The duo have staged some of the most memorable matches in recent seasons, with Djokovic winning a six-hour tilt in the 2012 Australian Open final, and Nadal claiming a classic semi-finals win this year at Roland Garros by 9-7 in the fifth set.

QUALITY TENNIS

The quality of tennis rose throughout Monday’s match, translating into long rallies, brilliant defense and booming winners that had the centre court on their feet roaring their appreciation.

Among the host of celebrities and public figures watching the game, Queen Sofia of Spain was on hand to cheer on Nadal.

Nadal rewarded his fans with a meticulous opening set, winning with relative ease with a pair of service breaks.

The Spaniard, dashing around the court with speed and ease, handled the windy conditions easily, making just four unforced errors to 14 by Djokovic in the first set.

Djokovic turned up the intensity and outslugged Nadal to win the second set.

The top-seeded Serb claimed a rare service break off Nadal in the sixth game, taking a 4-2 lead by winning an exhausting 54-stroke rally when he handcuffed Nadal with a backhand to his feet.

Djokovic raised both arms above his head and shook them in triumph to cheers from the Arthur Ashe Stadium crowd.

The Spaniard had held serve in 81 of 82 games on his way to the final.

But that feeling of exultation for Djokovic was short-lived as Nadal broke right back to bring the set back on serve at 4-3.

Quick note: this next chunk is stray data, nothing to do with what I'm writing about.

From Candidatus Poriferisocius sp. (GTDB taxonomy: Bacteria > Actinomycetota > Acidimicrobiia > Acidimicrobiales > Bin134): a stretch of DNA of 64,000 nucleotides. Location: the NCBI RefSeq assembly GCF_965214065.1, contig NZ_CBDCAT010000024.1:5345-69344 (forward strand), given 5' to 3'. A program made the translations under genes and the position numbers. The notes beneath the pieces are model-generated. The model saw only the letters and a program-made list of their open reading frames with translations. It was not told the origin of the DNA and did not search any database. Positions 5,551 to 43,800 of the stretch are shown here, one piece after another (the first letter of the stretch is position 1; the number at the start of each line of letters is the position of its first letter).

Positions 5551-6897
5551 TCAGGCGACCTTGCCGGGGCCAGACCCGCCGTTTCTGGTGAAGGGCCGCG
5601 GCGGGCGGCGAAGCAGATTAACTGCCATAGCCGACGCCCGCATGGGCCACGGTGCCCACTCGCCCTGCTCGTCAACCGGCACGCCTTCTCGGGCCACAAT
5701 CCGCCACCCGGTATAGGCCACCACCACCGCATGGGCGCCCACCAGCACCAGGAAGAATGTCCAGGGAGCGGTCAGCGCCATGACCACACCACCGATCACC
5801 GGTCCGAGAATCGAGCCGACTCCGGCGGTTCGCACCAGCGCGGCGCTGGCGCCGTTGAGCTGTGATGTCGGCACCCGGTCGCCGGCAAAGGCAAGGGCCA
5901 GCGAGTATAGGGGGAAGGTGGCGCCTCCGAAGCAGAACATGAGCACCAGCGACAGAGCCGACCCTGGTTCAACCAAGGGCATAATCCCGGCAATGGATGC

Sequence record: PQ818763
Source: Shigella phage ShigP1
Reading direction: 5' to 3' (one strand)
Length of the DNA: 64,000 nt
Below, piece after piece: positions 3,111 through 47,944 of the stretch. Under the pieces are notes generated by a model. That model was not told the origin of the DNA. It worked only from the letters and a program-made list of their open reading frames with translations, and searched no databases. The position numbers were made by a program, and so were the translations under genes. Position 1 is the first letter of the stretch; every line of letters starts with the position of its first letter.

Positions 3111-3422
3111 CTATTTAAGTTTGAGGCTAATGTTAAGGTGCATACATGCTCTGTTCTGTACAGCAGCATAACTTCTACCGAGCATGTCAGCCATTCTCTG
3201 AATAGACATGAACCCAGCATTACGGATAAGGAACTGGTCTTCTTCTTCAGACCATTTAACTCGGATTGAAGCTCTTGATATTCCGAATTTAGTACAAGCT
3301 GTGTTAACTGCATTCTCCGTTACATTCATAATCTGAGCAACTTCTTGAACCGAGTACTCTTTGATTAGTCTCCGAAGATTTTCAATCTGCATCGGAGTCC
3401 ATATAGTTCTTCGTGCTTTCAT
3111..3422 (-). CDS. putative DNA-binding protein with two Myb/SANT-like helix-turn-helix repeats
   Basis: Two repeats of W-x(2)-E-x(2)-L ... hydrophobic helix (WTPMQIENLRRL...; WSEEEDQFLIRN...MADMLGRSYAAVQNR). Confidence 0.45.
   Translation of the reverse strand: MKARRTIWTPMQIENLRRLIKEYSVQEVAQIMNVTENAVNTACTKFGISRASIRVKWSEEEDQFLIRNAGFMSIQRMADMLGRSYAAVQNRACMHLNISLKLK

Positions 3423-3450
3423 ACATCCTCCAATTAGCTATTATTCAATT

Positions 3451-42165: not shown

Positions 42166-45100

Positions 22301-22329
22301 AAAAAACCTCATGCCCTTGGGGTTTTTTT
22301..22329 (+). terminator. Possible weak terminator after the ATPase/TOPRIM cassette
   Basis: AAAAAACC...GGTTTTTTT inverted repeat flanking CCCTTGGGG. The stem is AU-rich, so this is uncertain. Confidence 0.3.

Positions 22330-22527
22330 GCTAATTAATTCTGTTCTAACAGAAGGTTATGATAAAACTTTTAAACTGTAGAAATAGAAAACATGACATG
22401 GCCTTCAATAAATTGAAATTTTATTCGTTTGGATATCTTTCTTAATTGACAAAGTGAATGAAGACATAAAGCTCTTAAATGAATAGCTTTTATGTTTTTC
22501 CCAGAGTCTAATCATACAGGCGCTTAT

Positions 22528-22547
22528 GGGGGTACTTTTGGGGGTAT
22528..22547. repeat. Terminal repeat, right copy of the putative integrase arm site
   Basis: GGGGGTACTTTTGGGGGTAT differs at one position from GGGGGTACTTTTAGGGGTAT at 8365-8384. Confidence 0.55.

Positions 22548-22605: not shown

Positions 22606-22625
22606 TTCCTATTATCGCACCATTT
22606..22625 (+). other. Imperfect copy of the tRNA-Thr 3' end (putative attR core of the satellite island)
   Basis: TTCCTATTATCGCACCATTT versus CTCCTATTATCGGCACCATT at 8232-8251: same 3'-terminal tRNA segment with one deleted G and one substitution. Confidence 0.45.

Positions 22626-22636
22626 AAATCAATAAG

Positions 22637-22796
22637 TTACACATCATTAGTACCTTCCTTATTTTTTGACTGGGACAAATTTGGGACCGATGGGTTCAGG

Djokovic again showed his determination by seizing the advantage in the next game, breaking Nadal with a sizzling backhand crosscourt winner and then ending the set on serve in the next game with a backhand winner down the line.

TURNING POINT

Djokovic made it three breaks in a row against the formidable Nadal in the opening game of the third set, setting the Spaniard down at love.

Nadal leveled the set in the sixth game, foiling the Serb’s serve to make it 3-3.

The match might have turned three games later.

Facing triple break point at 0-40, the Spaniard fought back ferociously, scrambling for every ball to thwart Djokovic, snuffing out the third break point with his first ace of the match on a 125-mph bullet and held after the second deuce.

That seemed to take some of the fight out of the Serb, who was broken in the next game when Nadal blasted a forehand winner up the line to move one set from victory.